DU Study: State Lax In Enforcing Setback Rules For Drilling

setbackstudy

A new study from the University of Denver Environmental Law Clinic asserts that "Gov. John Hickenlooper’s administration is approving oil and gas drilling near homes, schools and businesses without following its own regulations." From their joint press release with the Sierra Club yesterday:

The study recommends the Colorado Oil & Gas Commission (COGCC) reject incomplete drilling permit applications, increase and standardize notification of residents near drilling and fracking, improve online information access and base setback requirements on science and necessary precautions to protect public health and environment.  
 
“The COGCC has a job to do, which is to implement strong regulations and enforce those regulations to protect public health, safety and the environment. When it comes to drilling and fracking near communities, citizens and local government are the ones living with the impacts and their voices need to be ones that are given the most weight in the process,” said Catherine Collentine of the Sierra Club.
 
Colorado regulations, in effect since August, 2013, require pads with multiple oil and gas wells located within 1,000 feet from homes, schools and businesses be placed “as far as possible” from those buildings. The governor and COGCC promised increased enforcement of the regulation last fall, but the analysis found no evidence of additional rigor in permit reviews. [Pols emphasis]
 
Student attorneys at DU Environmental Law Clinic conducted a legal review of 1300 permits issued since August, 2013 and discovered 181 were granted, despite incomplete documentation. Those 181 permits accounted for an immense amount of development: 951 wells, 1221 tanks and 932 separators. Most of the 181 permits for oil and gas wells are located in Weld County – others originated in Adams, Garfield, Larimer and La Plata Counties…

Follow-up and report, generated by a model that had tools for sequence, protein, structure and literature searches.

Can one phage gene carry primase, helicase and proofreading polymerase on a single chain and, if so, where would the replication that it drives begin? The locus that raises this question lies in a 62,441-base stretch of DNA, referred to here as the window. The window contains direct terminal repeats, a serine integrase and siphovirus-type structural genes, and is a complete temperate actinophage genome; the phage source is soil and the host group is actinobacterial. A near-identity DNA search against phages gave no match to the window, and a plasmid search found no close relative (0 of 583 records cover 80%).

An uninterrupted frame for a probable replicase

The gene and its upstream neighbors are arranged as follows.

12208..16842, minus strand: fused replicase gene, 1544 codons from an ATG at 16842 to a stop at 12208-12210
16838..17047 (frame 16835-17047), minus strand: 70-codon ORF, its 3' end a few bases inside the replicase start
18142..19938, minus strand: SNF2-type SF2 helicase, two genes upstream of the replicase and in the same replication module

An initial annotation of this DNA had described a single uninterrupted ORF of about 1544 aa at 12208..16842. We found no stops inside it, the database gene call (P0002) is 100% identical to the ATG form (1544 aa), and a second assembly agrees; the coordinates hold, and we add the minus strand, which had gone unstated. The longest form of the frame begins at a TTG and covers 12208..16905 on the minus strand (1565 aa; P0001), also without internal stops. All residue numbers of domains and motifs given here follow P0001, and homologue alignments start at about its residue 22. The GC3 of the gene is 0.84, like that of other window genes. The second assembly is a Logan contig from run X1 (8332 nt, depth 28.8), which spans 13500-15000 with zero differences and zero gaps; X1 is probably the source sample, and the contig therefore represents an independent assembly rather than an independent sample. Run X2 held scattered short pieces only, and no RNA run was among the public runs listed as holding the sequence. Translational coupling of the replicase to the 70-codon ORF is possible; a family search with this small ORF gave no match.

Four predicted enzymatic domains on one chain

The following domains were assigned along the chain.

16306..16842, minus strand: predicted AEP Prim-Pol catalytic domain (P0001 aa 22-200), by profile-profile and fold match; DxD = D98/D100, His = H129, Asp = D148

“We hope that our analysis will help inform the COGCC as it works to meet its goal of protecting the health and safety of all Coloradoans,” said Lauren Bushong, student attorney with DU’s Environmental Law Clinic. “If followed, our recommendations should allow for greater, and more meaningful, public participation in the permitting process.” 

Read the details of DU's study here. The commission tasked with coming up with legislative proposals to improve local control of oil and gas drilling, which resulted form last year's compromise between proponents of ballot initiatives for that purpose and Gov. John Hickenlooper, is set to deliver their report next month. Should the local control commission not produce a satisfactory result in the legislature, it's likely there will be major combat at the ballot box in 2016 over initiatives to enhance local control and/or further regulate drilling at the state level.